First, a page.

Is high CYA a problem if pool looks clean and clear

lmleonard

Member
Sep 28, 2010
12
Sacramento, CA
I have an inground 12,700 gallon vinyl-liner pool near Sacramento, California. For the past couple years I have used pucks and bags of shock, and this summer I developed a bad algae problem that took about 2 weeks to clear up with constant brushing, vacuuming, backwashing, running the filter and adding bags of shock. The pool is now algae-free and looks great, sparkling and clearer than ever. Last week I found the troublefreepool website (which is wonderful) and I have just switched to BBB. The pool still looks great but I am concerned about the CYA level being really high. Will the CYA level eventually go down on its own, and if so, how long will that take through normal evaporation and backwashing? Should I even bother with draining or partial draining if the water looks so great? I would have to get a permit from my City to drain and that would be a hassle. Here are my most recent test levels:

FC 1.0
pH 7.5
TA 100
CH 85
CYA >100 (probably around 150 but the test kit is only marked to 100)
 

dmanb2b

TFP Expert
LifeTime Supporter
Apr 4, 2009
3,734
NY
Welcome to TFP :wave:

How are you testing CYA? If it is in fact over 100, you can dilute your pool water 50% with tap water and retest...multiply the result by 2. You're FC of 1 is way too low for the CYA level. I know there are some folks on here you have successfully managed pools with high CYA, but if it is in fact that high and draining is not an option, then you FC should never be below 7ppm.

CYA will come down over time with significant rainfall and backwashing, but evaporation does not reduce CYA. Evap actually increases your CYA level until you add the water back that was lost in the process.
 

lmleonard

Member
Sep 28, 2010
12
Sacramento, CA
Thanks for the reply. I did another CYA test with 50% tap water, and the test showed about 82, so that would be CYA of 164. I guess I will need to start doing several partial drains... what a pain! But it beats the amount of bleach I would need to buy otherwise.
 

taekwondodo

LifeTime Supporter
Apr 26, 2009
419
Since you are nearing the end of the season - except for this current blast of heat - you might want to consider not adding any more dry shocks, and let winter rain dilution help you out before you decide to D&F.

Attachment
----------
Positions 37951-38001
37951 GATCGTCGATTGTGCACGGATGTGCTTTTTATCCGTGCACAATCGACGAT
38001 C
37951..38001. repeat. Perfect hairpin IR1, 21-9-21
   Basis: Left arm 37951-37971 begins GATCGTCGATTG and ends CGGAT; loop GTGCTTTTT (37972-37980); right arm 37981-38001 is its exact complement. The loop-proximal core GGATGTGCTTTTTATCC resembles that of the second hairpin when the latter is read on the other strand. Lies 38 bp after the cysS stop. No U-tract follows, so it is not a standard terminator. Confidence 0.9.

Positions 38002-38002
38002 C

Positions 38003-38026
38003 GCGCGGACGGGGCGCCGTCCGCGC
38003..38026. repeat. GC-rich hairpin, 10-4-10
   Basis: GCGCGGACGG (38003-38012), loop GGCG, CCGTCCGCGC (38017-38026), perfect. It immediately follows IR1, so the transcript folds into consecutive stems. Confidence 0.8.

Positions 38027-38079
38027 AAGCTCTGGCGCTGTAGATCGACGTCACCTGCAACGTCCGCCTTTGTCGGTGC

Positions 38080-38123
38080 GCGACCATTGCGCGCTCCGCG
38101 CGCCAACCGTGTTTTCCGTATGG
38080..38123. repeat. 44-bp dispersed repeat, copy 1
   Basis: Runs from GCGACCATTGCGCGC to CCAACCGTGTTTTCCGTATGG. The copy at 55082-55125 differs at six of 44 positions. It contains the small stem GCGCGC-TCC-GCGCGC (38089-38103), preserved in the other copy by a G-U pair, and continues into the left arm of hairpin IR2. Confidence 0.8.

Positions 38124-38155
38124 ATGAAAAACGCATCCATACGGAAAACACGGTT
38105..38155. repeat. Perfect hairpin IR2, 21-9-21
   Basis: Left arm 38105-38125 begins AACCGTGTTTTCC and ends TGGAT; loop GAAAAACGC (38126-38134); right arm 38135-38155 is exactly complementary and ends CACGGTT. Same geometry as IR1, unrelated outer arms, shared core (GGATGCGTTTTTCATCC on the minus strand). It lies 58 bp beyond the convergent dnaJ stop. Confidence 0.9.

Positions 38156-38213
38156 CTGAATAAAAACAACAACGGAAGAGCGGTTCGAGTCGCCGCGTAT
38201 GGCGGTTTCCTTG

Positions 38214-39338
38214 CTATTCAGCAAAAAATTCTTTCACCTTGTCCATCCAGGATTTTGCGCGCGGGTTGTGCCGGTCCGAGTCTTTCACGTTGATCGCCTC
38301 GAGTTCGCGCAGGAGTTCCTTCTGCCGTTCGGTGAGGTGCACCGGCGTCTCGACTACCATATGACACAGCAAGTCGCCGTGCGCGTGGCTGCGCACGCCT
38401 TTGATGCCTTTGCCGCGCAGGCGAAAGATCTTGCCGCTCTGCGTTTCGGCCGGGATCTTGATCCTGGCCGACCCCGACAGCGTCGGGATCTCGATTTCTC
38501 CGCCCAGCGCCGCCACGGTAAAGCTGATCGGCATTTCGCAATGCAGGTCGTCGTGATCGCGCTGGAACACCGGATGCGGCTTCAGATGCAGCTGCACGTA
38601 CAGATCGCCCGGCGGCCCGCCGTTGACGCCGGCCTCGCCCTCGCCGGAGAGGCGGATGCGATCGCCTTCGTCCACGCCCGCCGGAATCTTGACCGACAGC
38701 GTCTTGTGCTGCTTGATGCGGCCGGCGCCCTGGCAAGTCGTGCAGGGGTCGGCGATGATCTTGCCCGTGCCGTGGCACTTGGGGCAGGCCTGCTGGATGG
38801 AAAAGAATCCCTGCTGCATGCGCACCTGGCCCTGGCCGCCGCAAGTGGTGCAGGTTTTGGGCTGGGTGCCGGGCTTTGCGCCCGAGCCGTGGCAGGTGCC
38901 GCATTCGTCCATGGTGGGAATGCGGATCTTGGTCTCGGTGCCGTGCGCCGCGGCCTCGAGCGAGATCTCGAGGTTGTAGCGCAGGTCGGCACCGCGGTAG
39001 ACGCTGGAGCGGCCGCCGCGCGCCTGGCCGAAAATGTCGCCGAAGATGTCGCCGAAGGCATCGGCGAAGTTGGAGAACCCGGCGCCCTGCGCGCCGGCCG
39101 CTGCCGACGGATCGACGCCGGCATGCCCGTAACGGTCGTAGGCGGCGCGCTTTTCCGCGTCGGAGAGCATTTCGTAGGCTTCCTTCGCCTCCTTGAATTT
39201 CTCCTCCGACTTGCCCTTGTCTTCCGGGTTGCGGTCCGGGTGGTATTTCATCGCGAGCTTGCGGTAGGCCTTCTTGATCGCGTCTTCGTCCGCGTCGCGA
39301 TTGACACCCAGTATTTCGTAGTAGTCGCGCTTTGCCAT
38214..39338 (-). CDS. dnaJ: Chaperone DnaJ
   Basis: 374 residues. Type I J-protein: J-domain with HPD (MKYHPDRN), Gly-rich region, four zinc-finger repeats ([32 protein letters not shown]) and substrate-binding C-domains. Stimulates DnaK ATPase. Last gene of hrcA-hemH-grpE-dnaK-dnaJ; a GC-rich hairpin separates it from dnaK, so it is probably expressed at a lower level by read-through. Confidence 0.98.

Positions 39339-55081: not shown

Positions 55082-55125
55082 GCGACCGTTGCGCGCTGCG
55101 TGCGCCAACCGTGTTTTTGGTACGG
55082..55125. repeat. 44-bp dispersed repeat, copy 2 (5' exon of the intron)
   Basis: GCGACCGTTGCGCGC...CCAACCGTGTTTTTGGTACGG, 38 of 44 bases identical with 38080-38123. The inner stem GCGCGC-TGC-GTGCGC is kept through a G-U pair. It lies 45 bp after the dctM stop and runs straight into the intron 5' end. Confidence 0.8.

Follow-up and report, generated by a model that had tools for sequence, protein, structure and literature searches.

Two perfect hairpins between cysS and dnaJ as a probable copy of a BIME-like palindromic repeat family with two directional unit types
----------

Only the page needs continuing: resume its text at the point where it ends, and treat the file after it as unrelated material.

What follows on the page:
chem geek

TFP Expert
LifeTime Supporter
Mar 28, 2007
12,082
San Rafael, CA USA
With the water temps cooling off and the high level of CYA in the water, the chlorine usage will be rather low so while it will take an initial larger amount of bleach to raise the FC level, it should hold reasonably well and not need very much to maintain, unless nascent not-yet-visible algae growth has already started.
 

Richard320

TFP Expert
LifeTime Supporter
Jan 6, 2010
20,815
San Dimas, CA (LA County)
It's liveable, I've been doing it for almost a year now.

I started at about 220 - but who really knows when it's diluted 1:3? With pumpouts and rainwater dilution, it got down to about 140 for months. Calcium Saturation was getting critical, so I was forced to drain and refill some, which also lowered CYA. For the past few weeks, I've been down to double digit CYA.

You will have to maintain much higher FC with high CYA. Higher than you can read with the color match test. The FAS-DPD test will do it. It's available seperately or as part of the TF100 kit, or the Taylor K2006. All available from http://tftestkits.net. If you get the full kit, get the XL. It comes iwth double the reagents. Otherwise, get two. You'll be using a lot of the stuff.

Your chlorine consumption will not be any greater than someone with normal levels. But your minimum will have to be higher. The reactive - I'm sure there's a better term, but I don't know it - chlorine is no stronger than someone running 1 or 2 and no CYA. No smell, no dry skin, no burning eyes, no faded swimsuits.

We're near the end of the season; I'd hold off on pumping until the rains start.

No more pucks!